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Castro says Cuba blockade not Obama’s fault

Castro says Cuba blockade not Obama’s fault
04/11/2015 12:18 PM 04/11/2015 1:25 PM

Barack Obama declared his refusal to refight the Cold War
battles of the past on Saturday while Cuban President
rallied to his defense, absolving Obama of fault for the U.S. blockade
in a stunning reversal of more than 50 years of animosity between the
United States and Cuba.

Castro, in a meandering, nearly hour-long speech to the Summit of the
Americas, ran through an exhaustive history of perceived Cuban
grievances against the U.S. dating back more than a century – a vivid
display of how raw passions remain over American attempts to undermine
Cuba’s government.

Then, in an abrupt about face, he apologized for letting his emotions
get the best of him. He said many U.S. presidents were at fault for that
troubled history – but that Obama isn’t one of them.

“I have told President Obama that I get very emotional talking about the
revolution,” Castro said through a translator, noting that Obama wasn’t
even born when the U.S. began sanctioning the island nation. “I
apologize to him because President Obama had no responsibility for this.”

In a remarkable vote of confidence from a Cuban leader, Castro added:
“In my opinion, President Obama is an honest man.”

Castro and Obama were expected to meet later Saturday on the sidelines
of the summit – the first substantial meeting between a U.S. and Cuban
president in more than five decades. The flurry of diplomacy was aimed
at injecting fresh momentum into their previously announced plan to
restore normal relations between the U.S. and Cuba.

Speaking just before Castro, Obama acknowledged that deep differences
between their countries would persist. Yet he said he was uninterested
in getting bogged down in ideology, instead casting the thaw in
relations as an opening to create “more opportunities and resources for
the Cuban people.”

“The United States will not be imprisoned by the past,” President Barack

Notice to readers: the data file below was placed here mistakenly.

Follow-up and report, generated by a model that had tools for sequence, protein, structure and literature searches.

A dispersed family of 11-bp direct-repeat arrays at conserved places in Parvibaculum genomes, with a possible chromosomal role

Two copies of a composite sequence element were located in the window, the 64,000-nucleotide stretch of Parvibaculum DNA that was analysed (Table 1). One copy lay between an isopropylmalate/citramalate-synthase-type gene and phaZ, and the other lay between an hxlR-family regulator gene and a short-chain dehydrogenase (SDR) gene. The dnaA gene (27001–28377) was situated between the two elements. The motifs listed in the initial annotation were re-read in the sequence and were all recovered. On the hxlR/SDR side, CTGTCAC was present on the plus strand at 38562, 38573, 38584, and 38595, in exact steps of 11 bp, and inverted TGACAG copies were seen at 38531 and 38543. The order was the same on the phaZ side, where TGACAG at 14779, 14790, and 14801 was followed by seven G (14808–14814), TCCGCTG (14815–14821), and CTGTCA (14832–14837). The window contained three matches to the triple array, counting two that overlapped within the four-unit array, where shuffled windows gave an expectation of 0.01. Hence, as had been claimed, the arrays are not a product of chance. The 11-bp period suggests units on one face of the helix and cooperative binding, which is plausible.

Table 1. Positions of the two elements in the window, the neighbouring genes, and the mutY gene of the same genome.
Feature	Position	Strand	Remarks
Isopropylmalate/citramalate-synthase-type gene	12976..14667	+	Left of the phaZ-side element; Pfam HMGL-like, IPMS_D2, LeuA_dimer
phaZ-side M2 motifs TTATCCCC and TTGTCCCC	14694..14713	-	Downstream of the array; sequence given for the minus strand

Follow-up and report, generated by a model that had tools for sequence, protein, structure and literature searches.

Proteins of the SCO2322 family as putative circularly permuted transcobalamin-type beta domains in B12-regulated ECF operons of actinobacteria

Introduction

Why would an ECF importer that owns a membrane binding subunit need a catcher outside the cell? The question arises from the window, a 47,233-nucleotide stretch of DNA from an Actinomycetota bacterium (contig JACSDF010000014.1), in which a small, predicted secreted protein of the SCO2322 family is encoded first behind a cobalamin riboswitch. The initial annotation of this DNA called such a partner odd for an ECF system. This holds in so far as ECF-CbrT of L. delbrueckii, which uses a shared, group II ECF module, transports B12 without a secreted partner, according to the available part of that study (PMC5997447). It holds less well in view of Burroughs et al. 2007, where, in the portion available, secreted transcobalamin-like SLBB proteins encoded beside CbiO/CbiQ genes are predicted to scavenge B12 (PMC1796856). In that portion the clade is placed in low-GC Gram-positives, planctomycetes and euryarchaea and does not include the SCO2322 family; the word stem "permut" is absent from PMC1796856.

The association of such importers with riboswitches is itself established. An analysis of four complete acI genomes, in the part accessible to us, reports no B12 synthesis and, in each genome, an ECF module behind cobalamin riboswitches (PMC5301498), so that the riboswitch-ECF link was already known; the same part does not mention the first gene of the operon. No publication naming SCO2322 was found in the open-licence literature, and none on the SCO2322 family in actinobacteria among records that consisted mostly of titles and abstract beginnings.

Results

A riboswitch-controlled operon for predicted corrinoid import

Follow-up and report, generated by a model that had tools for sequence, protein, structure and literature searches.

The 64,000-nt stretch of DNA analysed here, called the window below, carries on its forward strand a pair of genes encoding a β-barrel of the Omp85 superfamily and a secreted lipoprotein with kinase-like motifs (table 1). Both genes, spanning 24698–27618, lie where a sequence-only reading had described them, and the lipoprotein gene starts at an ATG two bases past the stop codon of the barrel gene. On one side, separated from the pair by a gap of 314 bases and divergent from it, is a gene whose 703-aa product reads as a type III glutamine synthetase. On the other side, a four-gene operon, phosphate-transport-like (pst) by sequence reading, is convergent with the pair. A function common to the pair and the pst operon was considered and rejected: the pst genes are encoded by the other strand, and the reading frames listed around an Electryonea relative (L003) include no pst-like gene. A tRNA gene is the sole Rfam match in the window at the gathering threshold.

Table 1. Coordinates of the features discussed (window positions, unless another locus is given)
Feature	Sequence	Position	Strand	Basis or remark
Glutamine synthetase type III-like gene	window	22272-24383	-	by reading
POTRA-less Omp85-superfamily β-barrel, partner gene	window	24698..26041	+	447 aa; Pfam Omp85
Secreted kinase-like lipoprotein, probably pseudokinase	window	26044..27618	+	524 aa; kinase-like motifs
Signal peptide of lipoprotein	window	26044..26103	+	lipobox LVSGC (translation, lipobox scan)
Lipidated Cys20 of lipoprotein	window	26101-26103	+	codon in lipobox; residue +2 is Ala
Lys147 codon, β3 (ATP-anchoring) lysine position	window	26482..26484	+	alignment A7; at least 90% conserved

Obama said. “We’re looking to the future.”

Raising the stakes even higher for the two leaders was mounting
speculation that Obama would use the occasion of the summit taking place
in Panama to announce his decision to remove Cuba from the U.S. list of
state sponsors of terrorism, a gesture that for Cuba holds both
practical and symbolic value.

The U.S. long ago stopped accusing Cuba of conducting terrorism, and
Obama has signaled that he’s ready to take Cuba off the list. On
Thursday, he suggested an announcement was imminent when he revealed
that the State Department had completed its lengthy review of the

Obama arrived at the summit Saturday morning for a day of marathon
meetings with leaders from across the Western Hemisphere, gathered
around a massive oval table with two birds of peace in the middle. He
was also to take questions from reporters before returning to Washington.

A successful relaunch of U.S.-Cuba relations would form a cornerstone of
Obama’s foreign policy legacy. But it’s an endeavor he can’t undertake
alone: Only Congress can fully lift the onerous U.S. sanctions regime on
Cuba, and there are deep pockets of opposition in the U.S. to taking
that step.

Source: Castro says Cuba blockade not Obama’s fault | Miami Herald Miami
Herald –

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